The Navy‘s six Blue Angels F/A-18 Hornets
flew above the Arnold Palmer Regional Airport in Unity at speeds
topping 600 miles per hour Sunday, spinning and rolling in tight
formations, making ear-deafening noise that capped the day of aerial
performances for about 40,000 people at the Shop ‘n Save Westmoreland
“Everybody got their money’s worth. We got the entire show in for
Sunday’s performance. We’re really happy with that. We dodged the bullet
with the weather,” said Gabe Monzo, executive director of the
Westmoreland County Airport Authority.
The Blue Angel pilots dazzled the crowd with 40 minutes of aerial
maneuvers then signed autographs for a very long line of people waiting
to see them.
The sunny, warm day brought out between 40,000 and 50,000 people,
Monzo said. The turnout Saturday was estimated at about 25,000, Monzo
said, well below the estimated 100,000 who crowded the two-day airshow
Crowds started coming into the airport in the early afternoon, when
the sun came out. It sprinkled a bit until shortly after noon, but none
of the performances was delayed or halted.
There did not appear to be any traffic issues in the morning as
motorists drove into the airport, but a traffic jam lasted more than 45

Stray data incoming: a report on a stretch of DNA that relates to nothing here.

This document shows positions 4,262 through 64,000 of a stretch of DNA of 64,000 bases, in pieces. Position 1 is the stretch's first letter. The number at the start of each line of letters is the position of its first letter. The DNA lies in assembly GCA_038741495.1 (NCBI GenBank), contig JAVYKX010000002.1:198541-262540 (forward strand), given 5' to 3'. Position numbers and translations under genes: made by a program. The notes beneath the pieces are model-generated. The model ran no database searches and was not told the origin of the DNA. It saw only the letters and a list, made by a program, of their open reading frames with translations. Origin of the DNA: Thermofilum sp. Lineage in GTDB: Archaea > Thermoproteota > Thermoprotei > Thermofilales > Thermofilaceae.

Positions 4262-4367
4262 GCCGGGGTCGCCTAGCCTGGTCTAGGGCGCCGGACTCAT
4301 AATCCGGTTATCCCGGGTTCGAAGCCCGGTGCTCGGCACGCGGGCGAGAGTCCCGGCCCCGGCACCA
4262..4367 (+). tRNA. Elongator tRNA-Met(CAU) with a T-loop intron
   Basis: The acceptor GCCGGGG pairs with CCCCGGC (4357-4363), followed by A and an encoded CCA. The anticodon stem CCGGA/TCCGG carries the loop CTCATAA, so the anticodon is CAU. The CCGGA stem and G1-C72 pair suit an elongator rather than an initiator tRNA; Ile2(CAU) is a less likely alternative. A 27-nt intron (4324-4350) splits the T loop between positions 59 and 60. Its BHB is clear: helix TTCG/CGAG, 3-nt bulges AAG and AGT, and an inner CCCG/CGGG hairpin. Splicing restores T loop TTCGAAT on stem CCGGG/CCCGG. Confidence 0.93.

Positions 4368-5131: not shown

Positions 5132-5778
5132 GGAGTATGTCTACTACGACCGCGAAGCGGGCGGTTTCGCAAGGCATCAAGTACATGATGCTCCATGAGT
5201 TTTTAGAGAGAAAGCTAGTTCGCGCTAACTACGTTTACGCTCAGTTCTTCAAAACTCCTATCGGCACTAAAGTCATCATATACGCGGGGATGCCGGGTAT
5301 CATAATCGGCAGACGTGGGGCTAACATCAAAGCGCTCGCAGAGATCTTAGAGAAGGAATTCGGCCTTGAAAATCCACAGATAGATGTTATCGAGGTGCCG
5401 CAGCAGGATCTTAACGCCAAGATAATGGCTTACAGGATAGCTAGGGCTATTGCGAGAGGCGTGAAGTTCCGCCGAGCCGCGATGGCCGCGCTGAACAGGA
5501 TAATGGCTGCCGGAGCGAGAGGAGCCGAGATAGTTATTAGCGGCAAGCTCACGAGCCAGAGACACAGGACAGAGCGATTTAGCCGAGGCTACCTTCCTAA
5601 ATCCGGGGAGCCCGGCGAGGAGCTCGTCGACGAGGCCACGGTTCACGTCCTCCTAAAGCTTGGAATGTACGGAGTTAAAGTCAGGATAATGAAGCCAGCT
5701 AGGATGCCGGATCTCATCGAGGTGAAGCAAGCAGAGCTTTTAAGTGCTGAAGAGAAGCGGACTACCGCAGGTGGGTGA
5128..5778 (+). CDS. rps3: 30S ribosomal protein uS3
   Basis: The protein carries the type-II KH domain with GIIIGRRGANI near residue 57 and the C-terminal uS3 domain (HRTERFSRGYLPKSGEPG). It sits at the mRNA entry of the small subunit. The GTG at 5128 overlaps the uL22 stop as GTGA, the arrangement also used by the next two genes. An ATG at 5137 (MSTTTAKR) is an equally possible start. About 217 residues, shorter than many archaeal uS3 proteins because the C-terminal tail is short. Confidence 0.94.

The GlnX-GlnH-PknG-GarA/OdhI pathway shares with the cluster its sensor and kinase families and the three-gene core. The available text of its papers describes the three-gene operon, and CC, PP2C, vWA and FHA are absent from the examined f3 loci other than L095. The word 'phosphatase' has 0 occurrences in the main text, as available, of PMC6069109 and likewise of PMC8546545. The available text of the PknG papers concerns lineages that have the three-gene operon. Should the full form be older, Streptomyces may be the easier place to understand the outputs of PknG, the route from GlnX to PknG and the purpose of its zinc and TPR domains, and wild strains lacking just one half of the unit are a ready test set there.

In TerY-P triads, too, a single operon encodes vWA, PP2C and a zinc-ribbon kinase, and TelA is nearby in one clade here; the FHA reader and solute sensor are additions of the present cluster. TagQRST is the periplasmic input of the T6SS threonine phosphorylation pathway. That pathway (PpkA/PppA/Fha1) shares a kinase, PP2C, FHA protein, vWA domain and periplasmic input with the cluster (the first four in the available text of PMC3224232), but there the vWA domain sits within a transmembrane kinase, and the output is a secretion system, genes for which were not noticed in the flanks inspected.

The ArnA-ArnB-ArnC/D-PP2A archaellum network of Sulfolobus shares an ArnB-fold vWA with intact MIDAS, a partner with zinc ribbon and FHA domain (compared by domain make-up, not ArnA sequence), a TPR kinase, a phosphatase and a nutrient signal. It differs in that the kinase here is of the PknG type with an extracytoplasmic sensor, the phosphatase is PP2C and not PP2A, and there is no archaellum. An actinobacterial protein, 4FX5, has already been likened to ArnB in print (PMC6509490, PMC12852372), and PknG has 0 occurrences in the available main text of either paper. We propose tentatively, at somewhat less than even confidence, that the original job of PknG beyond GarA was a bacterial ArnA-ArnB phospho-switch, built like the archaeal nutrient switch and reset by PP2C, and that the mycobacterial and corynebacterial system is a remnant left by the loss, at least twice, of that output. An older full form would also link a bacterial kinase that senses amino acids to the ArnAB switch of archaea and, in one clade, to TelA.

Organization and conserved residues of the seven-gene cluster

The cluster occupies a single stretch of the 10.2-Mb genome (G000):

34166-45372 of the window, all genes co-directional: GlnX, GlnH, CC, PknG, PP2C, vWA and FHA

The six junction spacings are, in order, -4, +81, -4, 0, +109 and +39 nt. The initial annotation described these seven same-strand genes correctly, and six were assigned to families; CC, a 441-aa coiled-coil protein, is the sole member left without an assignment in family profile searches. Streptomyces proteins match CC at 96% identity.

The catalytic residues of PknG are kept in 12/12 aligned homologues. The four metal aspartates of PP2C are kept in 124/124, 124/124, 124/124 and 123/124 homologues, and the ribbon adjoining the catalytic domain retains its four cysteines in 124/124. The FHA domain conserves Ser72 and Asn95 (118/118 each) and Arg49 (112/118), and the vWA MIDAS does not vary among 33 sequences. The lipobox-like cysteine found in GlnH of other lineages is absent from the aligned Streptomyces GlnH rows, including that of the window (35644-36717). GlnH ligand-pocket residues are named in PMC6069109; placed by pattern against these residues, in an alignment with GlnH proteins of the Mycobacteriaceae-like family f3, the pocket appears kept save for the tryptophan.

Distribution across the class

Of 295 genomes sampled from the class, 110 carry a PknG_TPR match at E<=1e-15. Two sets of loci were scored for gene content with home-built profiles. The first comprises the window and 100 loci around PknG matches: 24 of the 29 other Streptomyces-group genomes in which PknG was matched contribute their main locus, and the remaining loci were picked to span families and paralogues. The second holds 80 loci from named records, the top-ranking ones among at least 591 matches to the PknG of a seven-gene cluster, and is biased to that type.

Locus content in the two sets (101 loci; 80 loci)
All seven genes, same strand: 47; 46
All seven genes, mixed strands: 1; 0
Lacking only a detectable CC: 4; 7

minutes as patrons sought to leave via Route 981 north toward Route 30.
During breaks in the performances, Spirit Airlines, the lone
scheduled carrier servicing the airport, landed and departed with three
flights, said Jeffrey Minkovich, operations manager for Latrobe Airline
Services, which provides services for Spirit. Two other Spirit flights
arrived before and after the airshow.
To ensure that Spirit passengers did not miss their flights during
the airshow, the Latrobe Air Services notified passengers taking flights
during the weekend to arrive 90 minutes early because of traffic
congestion on roads around the airport.
Parking near the terminal was reserved for Spirit passengers, Minkovich said.
“We kind of loaded for bear,” he said.
Although planes were a little late in departing, Minkovich said the passengers in the terminal did not seem to mind.
“They got a free show,” Minkovich said.
Among those enjoying the Father’s Day aerial performances from the
vantage point of the crowded tarmac were Jeff Gromley and his wife,
Kayla, of Homer City, with their three children, ages 1 to 7.
Holding 1-year-old Xavier, who was clinging to her father’s neck,
Gromley said the noise from the Blue Angels did not seem to bother her
“The little planes bothered her more,” he said.
Curtis Montague of Harmony enjoyed a Father’s Day with his wife, Misty, and their three youngsters, ages 3 to 7.
“They’re enjoying it,” said Montague, a native of Kilmichael, Miss.
He is in the Pittsburgh region to work on a natural gas pipeline for
Columbia Mid-Stream, which is building about 20 miles of field gathering
pipelines to transport natural gas wellhead production through
For Joe Hartman of Mt. Pleasant, who spent 24 years in the Navy,
watching the F/A-18 Hornets brought back fond memories of his years in
the service, when he saw fighter jets while serving aboard a fleet
tanker in the Pacific Ocean from 1958-64.
Hartman, 78, said he remembers the days when the Blue Angels flew F-14 fighter jets for their aerial show.